Repent? by Rev. Jerome A Magat
Reprinted by permission of "The Arlington Catholic Herald"
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Mark wrote to explain Christ
to the new Gentile converts.
The Spirit drove Jesus out into the desert, and he remained in the desert for forty days, tempted by Satan. He was among wild beats, and the angels ministered to him. After John had been arrested, Jesus came to Galilee proclaiming the gospel of God": "This is the time of fulfillment. The kingdom of God is at hand. Repent, and believe in the gospel."
If you were to survey 1,000 Catholics and ask them, "What was the central dictate given by Christ in His preaching" you would probably discover a wide array of answers.
Some might say, "Love one another." Others may assert, "Come, and follow me." Some may submit, "Love your enemies and do good to those who persecute you." While it is true that Jesus did say all of the aforementioned things, the central dictate in His preaching was simply, "Repent and believe in the gospel." And yet, this is among the most overlooked and ignored directives issued by Our Lord. We may ask, "Why?"
The answer may lie in the fact that many people neither recognize their personal sinfulness nor their need for repentance. While we may conjecture that most people may admit of their need for deeper faith (i.e., belief in the gospel), the idea of repentance is less attractive.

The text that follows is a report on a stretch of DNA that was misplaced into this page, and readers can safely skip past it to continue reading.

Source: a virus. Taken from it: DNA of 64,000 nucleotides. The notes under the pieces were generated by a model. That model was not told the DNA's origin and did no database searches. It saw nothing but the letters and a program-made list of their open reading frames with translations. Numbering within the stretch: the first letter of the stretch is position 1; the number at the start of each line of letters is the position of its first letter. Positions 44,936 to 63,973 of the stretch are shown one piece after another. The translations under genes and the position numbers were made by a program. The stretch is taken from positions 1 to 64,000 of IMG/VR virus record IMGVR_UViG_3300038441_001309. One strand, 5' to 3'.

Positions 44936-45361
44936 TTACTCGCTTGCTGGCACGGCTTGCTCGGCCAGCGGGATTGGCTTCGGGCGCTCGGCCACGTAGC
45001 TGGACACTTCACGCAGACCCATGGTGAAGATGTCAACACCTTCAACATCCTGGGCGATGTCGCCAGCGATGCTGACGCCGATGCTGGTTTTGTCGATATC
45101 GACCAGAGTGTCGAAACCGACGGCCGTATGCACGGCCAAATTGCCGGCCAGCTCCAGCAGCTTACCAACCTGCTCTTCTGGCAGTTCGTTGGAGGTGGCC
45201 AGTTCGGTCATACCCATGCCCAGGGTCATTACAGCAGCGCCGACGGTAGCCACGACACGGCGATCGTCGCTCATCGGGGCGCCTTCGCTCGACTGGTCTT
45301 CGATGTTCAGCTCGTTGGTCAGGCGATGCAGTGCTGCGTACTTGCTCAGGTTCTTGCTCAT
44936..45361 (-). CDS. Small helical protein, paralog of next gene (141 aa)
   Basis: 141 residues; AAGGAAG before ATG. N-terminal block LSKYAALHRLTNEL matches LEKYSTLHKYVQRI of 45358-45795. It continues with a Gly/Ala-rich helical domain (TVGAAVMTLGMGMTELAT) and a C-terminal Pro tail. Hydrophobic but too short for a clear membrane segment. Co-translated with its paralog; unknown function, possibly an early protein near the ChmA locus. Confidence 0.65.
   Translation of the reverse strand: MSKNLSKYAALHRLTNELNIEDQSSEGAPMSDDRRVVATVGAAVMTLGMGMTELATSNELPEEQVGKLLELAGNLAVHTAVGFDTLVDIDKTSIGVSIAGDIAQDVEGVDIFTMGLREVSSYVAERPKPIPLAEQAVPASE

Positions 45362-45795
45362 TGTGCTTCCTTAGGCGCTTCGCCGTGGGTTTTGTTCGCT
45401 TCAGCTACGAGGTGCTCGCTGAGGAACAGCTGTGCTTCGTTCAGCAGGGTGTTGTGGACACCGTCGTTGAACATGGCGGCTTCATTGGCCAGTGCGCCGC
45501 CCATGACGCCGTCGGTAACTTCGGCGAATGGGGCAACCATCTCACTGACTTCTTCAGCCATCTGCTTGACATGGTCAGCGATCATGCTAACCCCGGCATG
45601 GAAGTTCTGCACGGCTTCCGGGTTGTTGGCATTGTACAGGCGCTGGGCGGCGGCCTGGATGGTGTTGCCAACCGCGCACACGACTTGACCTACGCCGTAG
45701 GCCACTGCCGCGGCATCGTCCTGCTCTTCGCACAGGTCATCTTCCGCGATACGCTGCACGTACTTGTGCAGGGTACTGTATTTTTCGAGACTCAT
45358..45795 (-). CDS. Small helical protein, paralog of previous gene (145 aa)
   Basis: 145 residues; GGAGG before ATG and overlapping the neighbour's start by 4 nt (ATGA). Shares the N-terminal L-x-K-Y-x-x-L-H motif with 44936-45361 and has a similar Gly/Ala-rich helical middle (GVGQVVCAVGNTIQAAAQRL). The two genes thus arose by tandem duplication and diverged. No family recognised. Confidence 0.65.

After all, popular psychology books warn us sternly not to focus on such "negative" issues as sin for fear that such thoughts may lower our self-esteem or cause us to wallow in misery. The Catholic understanding, meanwhile, is dramatically different. Catholics understand sin in terms of the meritorious redemption of Christ's passion, death and resurrection.
Sin is never understood in isolation. Rather, sin is always placed subordinate to what Jesus accomplished for us at Calvary, since sin and death were vanquished by Our Lord.
And yet, it is not enough to recognize what Jesus accomplished through His passion, death and resurrection. We must participate in its merits by the lives we lead. It is not enough to make claims on the merits of Jesus, without any conversion and repentance on our part. Repentance is always preceded by an acknowledgement of sinfulness and this acknowledgement is always preceded by the virtue of humility to recognize that we are in need of God's mercy.
The inability to perceive these aforementioned elements may be one of the most serious spiritual malaise plaguing believers today. Pride, the rationalization of one's sins, infrequent sacramental confession and the lack of a daily examination of conscience only exacerbate a very serious spiritual problem.
Repentance forces the penitent to engage the reality of who he is and who he has become in light of God's perfection. The admission of guilt is never easy for anyone but it is among the most liberating experiences imaginable. After all, it is not as if God doesn't already know our sins.
We never fool our omniscient Creator. Repentance seeks to free us from the bondage of pride and the facades we build to convince ourselves that we do not offend God by our sinfulness. Rather than lead us to despair or despondency, repentance frees us to receive God's graces and to engage the reality of our lives. When we are less full of ourselves and more filled with His light and truth, we begin to experience the freedom and glory of living as God's children. This is what Jesus desires for each of us. May the spirit of repentance free us to love God as we ought.
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